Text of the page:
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BISIN FIRMERS MIC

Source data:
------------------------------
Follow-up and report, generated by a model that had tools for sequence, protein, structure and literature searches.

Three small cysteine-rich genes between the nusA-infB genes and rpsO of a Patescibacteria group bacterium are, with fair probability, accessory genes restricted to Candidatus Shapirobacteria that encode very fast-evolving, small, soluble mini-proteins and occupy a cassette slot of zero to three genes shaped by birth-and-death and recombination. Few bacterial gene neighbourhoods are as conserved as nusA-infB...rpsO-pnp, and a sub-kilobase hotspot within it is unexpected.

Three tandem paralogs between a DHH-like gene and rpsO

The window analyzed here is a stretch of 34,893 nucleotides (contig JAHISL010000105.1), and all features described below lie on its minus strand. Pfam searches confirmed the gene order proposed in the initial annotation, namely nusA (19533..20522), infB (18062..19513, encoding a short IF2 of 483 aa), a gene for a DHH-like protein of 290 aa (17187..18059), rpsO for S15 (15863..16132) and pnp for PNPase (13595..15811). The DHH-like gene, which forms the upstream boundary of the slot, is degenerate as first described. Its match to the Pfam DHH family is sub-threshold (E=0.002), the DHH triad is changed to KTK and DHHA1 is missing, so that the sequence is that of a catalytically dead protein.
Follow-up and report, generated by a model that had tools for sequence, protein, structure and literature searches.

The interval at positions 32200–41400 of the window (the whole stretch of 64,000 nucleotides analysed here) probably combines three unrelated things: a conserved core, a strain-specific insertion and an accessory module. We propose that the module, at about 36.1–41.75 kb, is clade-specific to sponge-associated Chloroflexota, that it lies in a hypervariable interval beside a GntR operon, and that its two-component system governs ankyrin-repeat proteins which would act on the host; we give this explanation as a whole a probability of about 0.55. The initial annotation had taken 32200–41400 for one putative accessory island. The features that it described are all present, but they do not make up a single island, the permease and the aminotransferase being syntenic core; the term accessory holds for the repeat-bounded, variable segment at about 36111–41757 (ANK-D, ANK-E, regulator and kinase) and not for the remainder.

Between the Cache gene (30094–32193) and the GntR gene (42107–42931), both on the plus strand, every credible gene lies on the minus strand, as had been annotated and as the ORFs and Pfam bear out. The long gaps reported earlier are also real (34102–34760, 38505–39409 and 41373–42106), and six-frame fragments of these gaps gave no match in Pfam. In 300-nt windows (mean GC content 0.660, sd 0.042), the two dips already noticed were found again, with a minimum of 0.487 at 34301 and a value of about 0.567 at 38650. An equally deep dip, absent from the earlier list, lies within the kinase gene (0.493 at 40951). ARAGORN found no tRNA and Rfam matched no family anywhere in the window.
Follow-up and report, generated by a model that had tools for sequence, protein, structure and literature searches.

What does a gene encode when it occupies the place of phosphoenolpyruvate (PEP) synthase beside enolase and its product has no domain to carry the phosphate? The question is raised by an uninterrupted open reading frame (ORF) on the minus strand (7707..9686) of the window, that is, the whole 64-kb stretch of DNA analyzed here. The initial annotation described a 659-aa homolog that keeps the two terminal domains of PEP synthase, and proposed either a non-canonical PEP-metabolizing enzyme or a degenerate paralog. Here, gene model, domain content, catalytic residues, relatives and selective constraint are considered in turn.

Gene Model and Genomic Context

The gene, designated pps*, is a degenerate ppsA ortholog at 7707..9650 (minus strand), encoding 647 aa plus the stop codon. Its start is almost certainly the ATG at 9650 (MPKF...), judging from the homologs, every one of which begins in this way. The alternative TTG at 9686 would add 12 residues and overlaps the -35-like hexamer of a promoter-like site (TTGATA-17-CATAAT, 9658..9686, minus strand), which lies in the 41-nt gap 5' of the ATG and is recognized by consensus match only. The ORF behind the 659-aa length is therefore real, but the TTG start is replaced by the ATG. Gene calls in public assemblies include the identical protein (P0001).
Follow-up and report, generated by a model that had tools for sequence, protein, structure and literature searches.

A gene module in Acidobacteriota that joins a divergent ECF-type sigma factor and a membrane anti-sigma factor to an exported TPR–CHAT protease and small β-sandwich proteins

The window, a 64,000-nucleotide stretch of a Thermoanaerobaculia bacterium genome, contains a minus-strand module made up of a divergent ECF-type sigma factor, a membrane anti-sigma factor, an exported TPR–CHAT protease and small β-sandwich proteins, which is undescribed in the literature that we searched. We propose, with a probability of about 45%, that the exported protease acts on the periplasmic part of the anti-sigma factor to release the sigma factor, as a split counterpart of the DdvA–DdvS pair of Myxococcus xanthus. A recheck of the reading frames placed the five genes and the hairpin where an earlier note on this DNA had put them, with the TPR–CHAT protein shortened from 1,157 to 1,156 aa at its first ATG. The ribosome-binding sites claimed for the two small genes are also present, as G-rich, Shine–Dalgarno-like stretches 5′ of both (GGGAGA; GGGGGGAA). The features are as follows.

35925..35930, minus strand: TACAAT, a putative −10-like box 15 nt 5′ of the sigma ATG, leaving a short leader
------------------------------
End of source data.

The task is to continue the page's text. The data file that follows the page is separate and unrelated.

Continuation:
TO BE HELD NEXT WEEK Special to The Daily Tribune. Moccasin, July 25.—Next Thursday, July 31, is the day and date of the tenth annual Judith liasin Farmers' picnic at the experiment station, two and a half miles west of Moccasin. The^ coming week will be a busy one for Secretary Kruckeberg and the station force is get ting the big grounds in shape and final touches here and there an anticipation of the big crowd always forthcoming at this yearly event. The program will be opened at 10 a. m. with a concert by the Ililger Brooks band, followed by an inspection of the experimental plots and a series of children's athletic contests taking up about an hour. At noon a picnic dinner will be ^en joyed followed by a concert by the Elks band and a speaking program whiqji will be participated in by Judge E. K. Chea dle, chairman; Mr. Fuller, crop special ist of the extension service; Miss Mary Ann Graber, extension specialist in home economics; B. C. White and F. B. Lin field, director "of the Bozeman experi mental station. Community singing_ will be led by Mrs. I*aura Norton, assisted by the Elks band. The Moccasin high school band will also take part. Another program of sports will be pulled off in the afternoon followed by a baseball game between the Straw and Lehigh teams for a purse of $100. A number of excellent prizes donated by Fergus county concerns will be awarded for exhibits in culinary and agricultural lines. MEM STOLE BIND OF SHEEP FIEID GUILTI IKD RECEIHE SENTENCE Dillon, July 25.—Gust Luri and Steve John, both Greeks, appeared in Judge Smith's court last week and both plead ed guilty to the charge of grand larceny. Their sentences were fixed at from two to four years in the state prison and they were taken to Deer Iyodge last Wednesday by Sheriff Wyman. The men were arrested a month ago In Idaho. They were accused of steal ing sheep from the band of Dixon Brown on Horse Prairie. Some of the stolen sheep have not yet been located. At the same time the men were arrested they were driving several hundred head of sheep belonging to G. V. Patterson of Dell, and it is thought they secured them in Sheep creek basin. CENTENNIAL VALLEY T CAUSING DEATHS OF 25 Dilion. July 25.—That the grasshop pers which have been so destructive to hay and grain at Lakeview in the Cen tennial valley have not only destroyed whole fields of hay and grain but they have proved to be deadlv poison to cat tle feeding in fields where they have have proved to be deadly poison to cat tle feedi swarmed. E. B. Roe, the prominent Redrock rancher, who has a big summer cattle camp in the Centennial valley, is the man hit hardest by the pests. The hop pers took his entire hay crop and where as a rule 1,200 tons of hay were cut, but 10 tons were cut. Realizing that the hay was a total loss. Mr. Roe turned his stock into the field and in less than an hour 25 of them had died. It is thought the hoppers poisoned the field. Other ranchers experienced the same loan but not as heavily as Mr. Roe. Claims Step-Mother Influenced Father in Drawing His Will Special to The Daily Tribune. Butte, July 2."».—Alleging undue in fluence and inability to properly dispose of his property, Mrs. Alice Melville of Bakersfield, < 'a 1.. in behalf of herself and 2-year-old niece, Anna Margaret Hollingshead, contests the will of her father, the late Thomas G. Leahy, in a suit she has filer! in the district court of I)e<>r Lodge county. According to the complaint, the Leahy estate con sists of real estate in Lewis and Clarke county, money and bonds in Anaconda banks, and mining stock, worth approx imately $20,000. By the provisions of the will, Mrs. Melville is bequeathed a Liberty bond worth $1,000. She now seeks her full share of the estate, claiming her father s wife took advan tage of him when he was mentally in come-rent. The daughter also claims the will is not entirely in the handwrit ing of her father. Leahy was a veteran employe of the I',. A. & I». railroad, dy ing June 14, following a surgical oper ation. 1 he will was executed but a few days before his death. Fifty Cents Per Day Increase for Employes East Helena Plant Helena, July 25.—An increase of 50 cents per day, restoring the scale of February last, is announced at the East Helena plant of the American Smelting and Refining company. Fires Drive Wolves and Coyotes to Raids Upon Poultry Yards Everett. July 25.—Wolves and an in creasing number of coyotes are reported to be raiding poultry yards of raiAers in this country, some of the raids being made in daylight. It is believed the animals are being driven to more remote districts by a food shortage due •« slash ing fires. STARTS 200-FOOT WELL BUT GETS WATER AT 88 Fort Benton. July 25.—A lucky strike was made on the F. E. Stranahan raneh i in the Montague country, where Harry ' J. Thorington of Montague began drilling 1or water a few days ago. Mr. Thoring- I ton expected to drill a well about 20«) feet deep, but Tuesday evening he struck j a flow of water at a depth of 88 feet ' the water rising in the well about <>0 feet. There is every indication that it will furnj&h an inexhaustible supply. I INKSTAND USED BY TREATY SIGNERS AND CLEMENCEAU'S BELL ARE TREASURES NOW 53 « * ♦ Inkstand used by delegates who signed peace treaty and, before It, bell used at peace table by President Clemenceau. The inkstand which held the ink used in the signing of the peaee_ treaty at Versailles will be preserved for generations as one of the mementoes of the great . • • m 1 ^ a a. - «... — u . 1 il, n n, an I p j \ /\rk A l\f» f U A f\na /1A /* A tï fal•OTICP I rPSl* Clemenceau at the' sessions of the peace confernce also will be preserved. Women of Drouth District to Engage in Lace Manufacture Helena, July 25.—That there are peo ple in Montana who have been hit hard by the drouth who are not going to sit down and cry, nor hold out their hands for donations, but who are going to make the effort to help themselves, is evi denced by a letter received by the state department of agriculture and publicity from Sirs. Melvina F. Ferguson of Har ber, Montana. Barber is a small settle ment in Musselshell county, in a section of the county where the farmers have been hit bard by the drouth. It is un derstood that in that vicinity there are a number of expert needle women, some of whom arc said to have been taught the art in European countries. Mrs. Ferguson writes the department that she and her neighbors desire to be independent and that they propose to engage in the manufacture of handmade laces selling directly to the consumer. She says she believes a business of this sort can be successfully carried on in her neighborhood and that over one hun dred expert needlewomen have promised their assistance. ! "Our women," she writes, "are having a hard time on account of the poor crops, and we believe that in this way we can be a help to ourselves, to our husbands, to the county and to the state; and that we will not only be able to make a liv ing. but also to pay our taxes. The work will be carried on on my homestead, where we have one hundred and sixty acres, in a barn that will make a good building for a store, the women who are engaged in the work living in the neigh borhood. We are located one mile from the Milwaukee depot and five miles from the Great Northern. We wish to go slow and be sure, with the hope that we will build up an industry, and that our handi work will be appreciated and find a ready market among the women of Mon tana* who are more happily placed finan cially than we are this year. Anyone who may be interested is re quested to write Mrs. Ferf json. NEW POSTMASTER IS NAMED FOR BOLE Bole, July 25.—Earl W. Xoble ha been notified of his appointment as post master at this place. The postoffice has been moved a distance of two blocks from its old location. Clearance i ' Sale »I White Footwear We must have room for our new stock that is arriving daily. Our shelves are crowded now and we have still more shoes that have not yet been un packed. In order to make room on the shelves and do it quickly, all of our white footwear has been marked for quick selling. It will pay you to see McCoy's shoes right now. All of our Women's White Canvas, Nile Cloth and Reignsk'n Cloth Oxfords, Pumps and Shoes are now sold at a big reduction. Mostly large sizes. All Rubber Sole Tennis Shoes, Oxfords and Pumps are offered at special prices. Children's White Canvas Lace Shoes — Leather soles and heels. Sizes 111/2 to 2 $1.95 Children's White Canvas Mary Jane Pumps— Leather soles and heels. Sizes 11 Va to 2 $1.85 Children's White Canvas Lace Shoes — Leather soles and heels. Sizes 8i/ 2 to 11 $1.85 Children's White Canvas Mary Jane Pumps— Leather soles and heels. Sizes 81/> to ^4 h $1.65 Children's White Canvas Slippers —One, two and three straps, leather soles. 21/2 to 98C Kaysar Hose McCOY'S Gordon Hose Young Ducks Waddle Across Prairies in Search of Water Helena. July 25.—Thousands of wild ducks too young to fly, are wandering over the prairies of Richland county in search of food and water, especially wa ter, since Fox Lake in which they were hatched has gone dry. Members of the Lambert Gun club in an effort to save the birds enlisted all the boys in the country around and a goodly number of citizens as well, who are busy picking up the ducks and car rying them either to the Yellowstone river or to ponds which give promise of holding out until the fledgelings are able to take care of themselves. This information came today to the state warden's office. Beaverhead Fair Postponed a Year Because of Drouth Dillon, July 25.—At a meeting of the fair association, county commissioners, firemen and a bunch of good live boost ers held Monday evening it was decided not to hold a county fair this fall as was planned earlier in the season. The ac tion was taken due to the drouth and crop failures. However, it was decided that a powwow should be held. The commissioners and fair association de cided to turn the grounds and buildings over to either the firemen or the base ball team and let them stage the big show. This was done and a meeting held this week for formulating plans. The powwow will be held Septem!; «r 18, l'J and 20 at the same time that the state firemen's convention will be held and the celebration will be the biggest thing of the kind that has ever been held here. CHICHESTER S PILLS V TtlE DIAMOND BRAND. A Ladle«! AakjoarT Chl-chm-ter • III»» 1*111» la Br4 tod 4 boxes, sealed with 1 Tuke ether. B «t of ynmr » ~~~ Dranlst Ask for C iri -rireH.TFB ■ DIAMOND BRAND PILLS, (or U years k aewn as Rest. Safest. Always Reliable SOLD BY DRUGGISTS EVERYWHERE Medicine Lodge Men Buy Stock Ranches Dillon, July 25.—The Rife brothers of, the upper Medicine Lodge entered the ranks of the big livestock men of the county last Friday when Frank Rife purchased for the Rife interests two big ranches on Horse Prairie, one being the big place of the Hughes Ranch com ?any and the other being the Bloody >ick holdings of the C. JL. company, or Dave Metlen. The Hughes ranch deal is one of the biggest consummated here in a long time, the price being in the neighborhood of a quarter of a million dollars. In the deal was included 2,640 acres of deeded land, 960 acres of leased land, 1,100 Saturday, July 26, 1919. Those Who Are On the Lookout For Bargains Will Look at Berger's Today Women's Fine Lisle HOSE Our special price Made of carefully selected yarns strongly reinforced where the wear comes. A beautifully fash ioned hose. All sizes shown in black, white, pearl, suede, beaver and cordovan. Children's White Mercerized HOSE Now priced at A first grade hose made of fine quality mercerized cotton yarn, in sizes from 4 to 6%. A hose re markable for its fine finish and wearing quality. » Women's Bungalow APRONS Our special price $1.25 Neatly made aprons of plain blue, pink and fancy stripe, plaid -and nurse stripe percales, some are trimmed with ric-rac braid, others have bound edges. Excel lent values at this low price. Women's Rust-Proof CORSETS A Special Lot at $1.98 These are fashionable model#, high or low bust—they respond t® every action of the body, and al ways retain their shape, scientifi cally designed and perfectly mada. SALE Household and Kitchen ware Formerly sold at 10c, 15c, 20c and even 25 cent articles all to be cleared away at anly 5c. Read the list below carefully, check off what you want, then come in today and get your selection at a mere fraction of the regular price. Glass tumblers, potato mashers, pie plates, paper doilies, spoons, knives, forks, funnels, soap beaters, hand brushes, tea strainers, curry comb, screw drivers, nail sets, gimlets, toilet paper hangers, mouse and rat ttaps, sink cleaners, pliers, framed pictures, strainers, colanders, stove polish and manj' other things. Aluminum Ware At About Half-Price Every piece in stock must go at greatly reduced prices; now' s time to replenish your kitchen equipment, and buy the missing pieces at half the old prices. Large size teakettles at only $2.95. Frying pans at 95c. Egg poachers only 75c. Dripping pans at 95c. Large pre serving kettles $1.45. Stew kettles at only $1.45. One quart size thermos bottle at $2.95. Every Piece a Bargain New Novelty Are Being Used Extensively Come and see how well we have planned to meet your requirements. New novelty shape pat ent 2eather and moire silk bags in black, grey, navy, and red, silk lined and fit ted with Melba Rouge, lib stick and compact face powder sets. $6.75 and $7.45. COATS, CAPES AND DOLMANS Really worth two or three times the clean-up price $9.95 This is our final clean-up of the summer season. Our last snd greatest reductions have been made. Part of our profit—yes, even part of the original wholesale prices we paid for the goods, can now be added to your savings account. Every garment can be suitably worn well into early fall and is marked down to a price lower than we have ever quoted before. A Splendid Collection of New Silk Dresses at $19.75 For street and business wear, these new garments which emphasize quality in their materials, are admirably suited. They're simple, yet graceful in line, with just the necessray "touch" of trimming to give "character" to the appearance of every woman. The materials are georgette, taffeta and soft beautifully draping messalines. There are all wanted shades to choose from. We unhesitatingly recommend these dresses to women who desire garments of style and service at a modérât cost. New Georgette Waists Specially Priced at $4.98 These were all bought from a manufacturer below his regular prices because he wanted to clear out every waist on hand. Not all sizes in each style but every size is represented in the assort ment. We never had the pleasure of presenting to you such beautiful blouses at this low price. Women's Fine Hats Now reduced to $3.98 Values up to $9.75 Boys' Khaki Pants —Knickerbocker style, well made throughout. Kxtra special value, QQ m at only wOv Boys' Blouses and shirts of good quality percale, nil sizes in iQ. the assortment, at only twv MEN!—Sure Savings on These Today— Men's Khaki Pants —Good heavy grade of excellent quality, made with j,,.- - ~~a loop. Special $2.45 Men 's Shirts and Drawers —Fine soft balbriggan or porous knit ua derwear. Special at only per garment 49c Cash and One Price Only * wnw. i Fi Y 98c Man's Work Shirts — lîlue chnmbray work shirts of good quality and made in full size patterns. Special Men's Union Suits —WMte knitted garments with sh<<rt sleeves and ankle length. Special, QQ« only Ö5JU Men's Ffne Lisle Sox— In black white, blue and l'altu Ueach. K^tra special value at only, QC a per pair Men's Sport and Drass Shirts—In a va riet v of fancy popular patterns. $1.50 and $1.73 values, ** for only 97c cattle, 2,500 sheep and 100 horses. The land cuts 1,200 tons of hay. Both this ranch and the Metlen ranch will be operated in connection with the Rife interests on the upper Medicine Lodge. The Metlen Paneh contains 1,280 acres and was formerly the prop erty of Hawley Selway. The price paid for it was $25,000. FUNERAL OF B. R. FOWLER IS HELD AT CONRAD Special to The Daily Tribune. Conrad, July 24.—The funeral of B. R. Fowler, a prominent rancher and cit izen of Great Falls formerly of Conrad, was held at the Presbyterian church to dav at 2:30 o'clock. Rev. L. Hawkins officiating. W. H. George of Great Falls iiad charge of the body, which was placed in the Hillside cemetery. Eastern Star Temple Costing a Million, to House Records Urged Seattle, July 25.—Washington and Cleveland are apparently the chief con tenders for the next triennial assembly of the Grand Chapter, Order of the Eastern Star, now in session here, with the opinion of delegates inclining toward the national capital. Construction of an Eastern Star tem ple costing at least $1,000,000 for safe guarding the permanent records of the order was recommended to the assembly by George M. Hyland, most worthy grand patron, in his report. Three Jap Princes, Brothers-in-Law of Emperor, to Visit U. S. Tokio, July 6—(Associated Press Cor respondence)—Japanese newspapers an nounce that three brothers-in-law of Em peror Yoshihlto will soon visit the Unit ed States, Great Britain and France for military inspection. They will stay abroad for about three years. The im perial travelers are princes Kitashira kawa, Asaka and Iligashi Kuni. POSTMASTERS FOR MONTANA Special to The Daily Tribune. Washington, July 25.—David R. Billin ter has been appointed postmaster at Ajerton and Albert L. Baker at Beehive.